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The International Arts Health Early Career Researcher Network, led by BBC New Generation Thinker Daisy Fancourt

Last week I was thrilled to be accepted to act as the North-West Representative for the International Arts Health Early Career Researchers Network (ECRN), led by Dr Daisy Fancourt.

Daisy is one of just ten BBC New Generation Thinkers 2017 and a World Economic Forum Global Shaper.

Daisy’s research focuses on the effects of arts participation on physiological responses, the use of the arts within clinical settings, and the psychosocial impact of cultural engagement at an individual and public health level. Her work has made important contributions to the field of arts and health and won multiple awards. Daisy has recently published a book, Arts and Health: Designing and Researching Interventions.

The Network brings together early career researchers (defined as within 8 years of completing a PhD) working on projects that lie at the intersection of the arts, humanities, health and medicine.

The network has three aims:

– to LINK together early career researchers through social events, networking opportunities and workshops
– To provide podcasts and newsletters to help researchers LEARN more about the field
– to run training events and promote jobs to enable researchers to LEAD their own research projects

Join today!

The LEARN programme aims to provide podcasts and other resources for early career researchers. Listen to one of the 5-minute podcasts to get a bitesize introduction to an area of research, policy or practice.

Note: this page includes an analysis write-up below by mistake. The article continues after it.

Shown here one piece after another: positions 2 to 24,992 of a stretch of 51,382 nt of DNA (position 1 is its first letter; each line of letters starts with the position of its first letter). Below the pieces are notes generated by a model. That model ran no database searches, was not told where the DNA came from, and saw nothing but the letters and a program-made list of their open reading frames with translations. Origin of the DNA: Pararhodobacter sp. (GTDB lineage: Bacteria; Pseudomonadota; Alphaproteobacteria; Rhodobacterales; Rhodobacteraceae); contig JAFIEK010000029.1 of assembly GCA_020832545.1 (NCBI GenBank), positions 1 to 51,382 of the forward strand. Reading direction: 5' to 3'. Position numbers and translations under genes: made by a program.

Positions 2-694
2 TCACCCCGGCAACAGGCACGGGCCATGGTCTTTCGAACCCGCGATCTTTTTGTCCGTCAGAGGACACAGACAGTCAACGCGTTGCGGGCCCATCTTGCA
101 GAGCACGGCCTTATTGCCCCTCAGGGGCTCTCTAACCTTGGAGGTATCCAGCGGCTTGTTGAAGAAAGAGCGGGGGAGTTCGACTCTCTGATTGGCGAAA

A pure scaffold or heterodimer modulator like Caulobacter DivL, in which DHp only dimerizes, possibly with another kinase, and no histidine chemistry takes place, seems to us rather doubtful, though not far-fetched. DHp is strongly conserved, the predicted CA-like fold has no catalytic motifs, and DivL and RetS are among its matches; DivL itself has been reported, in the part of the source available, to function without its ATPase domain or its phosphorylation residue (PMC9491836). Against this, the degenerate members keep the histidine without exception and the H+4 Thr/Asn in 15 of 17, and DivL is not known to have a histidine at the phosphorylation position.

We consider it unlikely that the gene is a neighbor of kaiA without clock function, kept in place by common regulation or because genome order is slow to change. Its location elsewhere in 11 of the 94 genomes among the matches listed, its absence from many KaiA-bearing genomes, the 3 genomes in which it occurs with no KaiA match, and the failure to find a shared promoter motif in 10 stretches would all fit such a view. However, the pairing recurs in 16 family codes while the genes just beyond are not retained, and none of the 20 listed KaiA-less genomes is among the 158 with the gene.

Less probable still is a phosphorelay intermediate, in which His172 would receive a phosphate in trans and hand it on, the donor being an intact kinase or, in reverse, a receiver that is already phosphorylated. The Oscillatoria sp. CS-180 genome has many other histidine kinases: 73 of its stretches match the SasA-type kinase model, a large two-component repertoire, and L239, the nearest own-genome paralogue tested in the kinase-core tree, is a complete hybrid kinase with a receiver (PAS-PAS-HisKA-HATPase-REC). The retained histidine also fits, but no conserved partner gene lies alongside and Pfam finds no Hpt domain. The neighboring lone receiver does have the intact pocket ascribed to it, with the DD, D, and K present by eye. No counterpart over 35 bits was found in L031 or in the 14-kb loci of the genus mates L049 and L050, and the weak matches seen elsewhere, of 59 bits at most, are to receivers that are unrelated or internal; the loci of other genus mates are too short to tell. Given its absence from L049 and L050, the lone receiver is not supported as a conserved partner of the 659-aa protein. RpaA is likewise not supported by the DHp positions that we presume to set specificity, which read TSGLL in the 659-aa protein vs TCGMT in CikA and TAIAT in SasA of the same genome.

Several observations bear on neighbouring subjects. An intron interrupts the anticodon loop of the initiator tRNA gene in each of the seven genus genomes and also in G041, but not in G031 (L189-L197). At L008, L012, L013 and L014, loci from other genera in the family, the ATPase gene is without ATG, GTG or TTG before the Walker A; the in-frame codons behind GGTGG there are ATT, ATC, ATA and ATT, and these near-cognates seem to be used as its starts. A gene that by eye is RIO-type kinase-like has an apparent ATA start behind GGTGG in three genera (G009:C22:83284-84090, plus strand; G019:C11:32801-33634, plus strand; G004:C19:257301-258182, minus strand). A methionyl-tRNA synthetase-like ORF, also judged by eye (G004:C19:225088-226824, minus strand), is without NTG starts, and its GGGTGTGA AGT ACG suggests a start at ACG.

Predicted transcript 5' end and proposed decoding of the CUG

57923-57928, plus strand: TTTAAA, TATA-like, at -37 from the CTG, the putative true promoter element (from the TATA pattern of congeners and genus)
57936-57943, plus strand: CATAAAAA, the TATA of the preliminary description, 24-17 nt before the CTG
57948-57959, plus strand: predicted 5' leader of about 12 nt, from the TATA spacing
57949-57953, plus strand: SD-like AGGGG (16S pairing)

Networking Drinks

We have put our first north-west event in the diary! On 14th August at 8pm we will meet at The Dukes, a theatre in Lancaster, to share our work. Please register your interest in attending this social event here.

This event will follow the preview of an exhibition hosted by The Dukes, Dementia and Imagination: Making Connections Through Contemporary Art. Artworks made by participants with dementia, the exhibition is a result of a national research study, Dementia and Imagination. As part of my role as a Lead Researcher I co-curated the exhibition in collaboration with artists from Nottingham Contemporary, Joanna Dacombe and Gillian Brent.

I am grateful to The Dukes and so pleased that once again this exhibition and its messages will be accessible to the public. To have the exhibition in my current hometown Lancaster following the first showing in Chesterfield (where I grew up) is a happy turn of events. It’s also a beautiful coincidence of my old role on Dementia and Imagination meeting my new one with the ECRN. Thanks to Daisy and the team for having me!

Dukes Invitation Final Page 1 + ECRN.jpg

Dukes Invitation Final Page 2 + ECRN

On Friday 24th November, The ECRN will host a drinks reception LINK event in London, following the RSPH ‘Powerful Partners: Advancing Dementia Care through the Arts & Sciences’ conference. Register to attend here.

 

 

 

Kat completed her Clinical Psychology Doctorate at Lancaster University in 2013. She has worked in a range of settings, both clinically and as a researcher, most recently as a Lead Researcher at Arts for Health at MMU. Katherine also works in the NHS in Children’s Psychological Services. Kat has published her work and presented to a range of audiences, from health professionals, to artists, academics and entrepreneurs. Her work includes public engagement and gallery-based exhibitions.

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